Adobe Photoshop Lightroom is a wonderful image management tool but it is not a backup system. Nothing electronic lasts forever. The real question to ask yourself is not “when will my hard drive fail” but rather “what steps can I take right now so that I am properly prepared for my hard drive’s inevitable demise?”
Lightroom Backup Myths
Many novice Lightroom users are lulled into thinking that their precious images are being safely protected by three very misleading features in this program. First, many people mistake Lightroom’s daily / weekly / monthly Catalog Backup feature for a real backup of everything. This Catalog optimization feature only creates a duplicate copy of your Lightroom Catalog file.
Adobe Photoshop Lightroom’s internal Catalog backup utility is not a backup plan. This feature will not protect your images at all if disaster strikes!
Some Lightroom users are also fooled by the Make A Second Copy To: feature in Lightroom’s Import Dialog. If enabled, this feature will make you a second copy of your images as they are added to your Lightroom Catalog and store that copy in a separate place. This sounds like a backup but there is a huge problem here.
The problem is that Lightroom never updates these files. Lightroom will not update your “second copies” with any of the work that you do after the files have been imported. If you had to resort to using these files after a hard drive failure then you might find yourself adding every keyword, removing every dust spot, and doing a ton of work all over again.
Finally some users confuse the “Adobe Creative Cloud,” “Smart Previews,” and “Lightroom Mobile” with some sort of automatic online backup system. Sadly, none of these options or features actually protect your Catalog or your original images. Don’t be fooled. It is up to you to design and maintain your own redundant image and Lightroom Catalog backup system. Adobe has left this one up to you.
Creating your Backup System
If all of this sounds overwhelming then please don’t panic. Here’s the good news. All that it takes to make a really good backup system is a pair of inexpensive external hard drives and some simple software. To make a robust backup, all that we need to do is configure a backup utility program to copy everything from your primary photo storage drive over to one of your inexpensive external hard drives on a regular basis.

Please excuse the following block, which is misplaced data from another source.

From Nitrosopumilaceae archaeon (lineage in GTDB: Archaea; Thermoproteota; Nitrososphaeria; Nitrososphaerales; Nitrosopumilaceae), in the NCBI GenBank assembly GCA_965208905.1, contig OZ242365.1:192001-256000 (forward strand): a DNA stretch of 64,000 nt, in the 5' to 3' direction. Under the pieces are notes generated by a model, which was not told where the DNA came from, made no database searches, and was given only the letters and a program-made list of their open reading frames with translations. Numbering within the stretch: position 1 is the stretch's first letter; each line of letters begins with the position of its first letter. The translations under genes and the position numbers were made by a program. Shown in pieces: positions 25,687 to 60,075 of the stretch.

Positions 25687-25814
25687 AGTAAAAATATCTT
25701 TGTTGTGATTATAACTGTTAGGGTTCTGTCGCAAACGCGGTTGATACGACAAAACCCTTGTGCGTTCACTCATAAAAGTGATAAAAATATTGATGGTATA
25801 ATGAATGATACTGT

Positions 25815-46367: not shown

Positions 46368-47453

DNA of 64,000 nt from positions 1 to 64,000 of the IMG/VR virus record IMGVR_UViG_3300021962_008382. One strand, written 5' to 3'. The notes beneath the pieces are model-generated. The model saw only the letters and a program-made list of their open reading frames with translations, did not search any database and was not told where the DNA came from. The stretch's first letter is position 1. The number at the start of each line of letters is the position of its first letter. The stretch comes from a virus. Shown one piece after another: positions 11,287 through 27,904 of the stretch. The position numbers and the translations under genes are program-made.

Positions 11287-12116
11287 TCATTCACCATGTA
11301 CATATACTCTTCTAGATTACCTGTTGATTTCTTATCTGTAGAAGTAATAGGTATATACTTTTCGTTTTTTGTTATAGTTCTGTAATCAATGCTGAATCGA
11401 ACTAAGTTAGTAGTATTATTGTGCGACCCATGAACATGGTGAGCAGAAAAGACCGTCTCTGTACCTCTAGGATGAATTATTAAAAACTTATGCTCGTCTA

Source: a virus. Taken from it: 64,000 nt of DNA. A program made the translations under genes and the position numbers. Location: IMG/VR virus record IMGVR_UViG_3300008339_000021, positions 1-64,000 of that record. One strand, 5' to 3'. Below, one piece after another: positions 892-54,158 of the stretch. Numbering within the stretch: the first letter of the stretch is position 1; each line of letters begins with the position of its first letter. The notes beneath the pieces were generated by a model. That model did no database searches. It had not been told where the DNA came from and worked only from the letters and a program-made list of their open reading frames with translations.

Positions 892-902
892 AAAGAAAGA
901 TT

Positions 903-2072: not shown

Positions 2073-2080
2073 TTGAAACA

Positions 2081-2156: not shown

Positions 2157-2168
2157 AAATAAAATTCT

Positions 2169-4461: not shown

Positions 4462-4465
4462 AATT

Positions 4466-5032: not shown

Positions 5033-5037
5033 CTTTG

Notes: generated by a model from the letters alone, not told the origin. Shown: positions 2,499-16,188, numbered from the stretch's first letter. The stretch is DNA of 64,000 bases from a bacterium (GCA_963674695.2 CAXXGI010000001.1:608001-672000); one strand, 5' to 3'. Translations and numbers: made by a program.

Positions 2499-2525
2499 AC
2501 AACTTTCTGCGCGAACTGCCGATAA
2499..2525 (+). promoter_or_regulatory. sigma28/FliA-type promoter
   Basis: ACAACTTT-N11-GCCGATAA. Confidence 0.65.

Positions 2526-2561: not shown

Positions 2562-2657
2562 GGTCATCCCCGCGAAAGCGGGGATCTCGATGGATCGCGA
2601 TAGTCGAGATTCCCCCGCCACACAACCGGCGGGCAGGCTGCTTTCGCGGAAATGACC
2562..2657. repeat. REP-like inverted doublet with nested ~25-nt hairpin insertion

We can configure software like Apple’s TimeMachine (Mac) or Carbon Copy Cloner (Mac) to automatically copy everything from your primary disk to one of your backup drives while you are sleeping. As long as you rotate between the two backup disks on a regular basis then you have a robust, redundant backup system!
Part I: On-site Backup
Most people do not need to invest in fancy RAID drives or sophisticated data duplication machines to build a really good backup system. There is no reason to spend extra money on fast drive connections or anything fancy when shopping for external hard drives that are going to be used solely as a backup system for your images. A pair of ordinary “plain Jane” USB external drives are perfectly sufficient for most people’s backup needs.
I find that it really helps to give all of my external hard drives meaningful names. I like to assign clear names to each drive before I begin configuring my backup software. Simple drive names like “Backup Disk 1,” “Backup Disk 2,” and “Main Photo Drive” are all that’s required here. I also find that labeling the outside of my hard drives with a permanent marker, or a sticky label, also helps to prevent confusion as the drives get rotated in and out of my office on a regular basis.
Giving all of my drives clear, meaningful names right away also helps me remember the “master plan” which goes like this:
- When I add new photos into my image library, I copy them from my digital camera’s memory card directly to my primary (main) hard drive using Lightroom Classic’s Import Dialog. I do not copy any of my photographs from the memory card to either of the backup disks. Copying new images from my Main Photo Drive over to one of my backup drives is my backup software’s responsibility.
- If I decide to enhance one of my photographs using Adobe Photoshop Lightroom Classic, Adobe Photoshop, or any other program, then I only work on the image that is stored on my primary (main) photo drive. I never work on any of the files on my backup drives. It is my backup software’s responsibility to make sure that all the changes that I make to the images on the primary are passed along to the backup disks.
- If I decide to delete a bunch of lousy photos from my image library then I delete the files from my Main Photo Drive. I never delete files from my backup disks. Removing images that have been deleted from the backup disks is my backup software’s responsibility.
The point is that I do not touch any of the files that live on Backup Disk 1, or on Backup Disk 2. Only my backup software is allowed to make any changes to the files that live on my backup disks. I do my work with the images on the primary (Main Photo Drive) only, and I trust in the backup software to take care of everything else!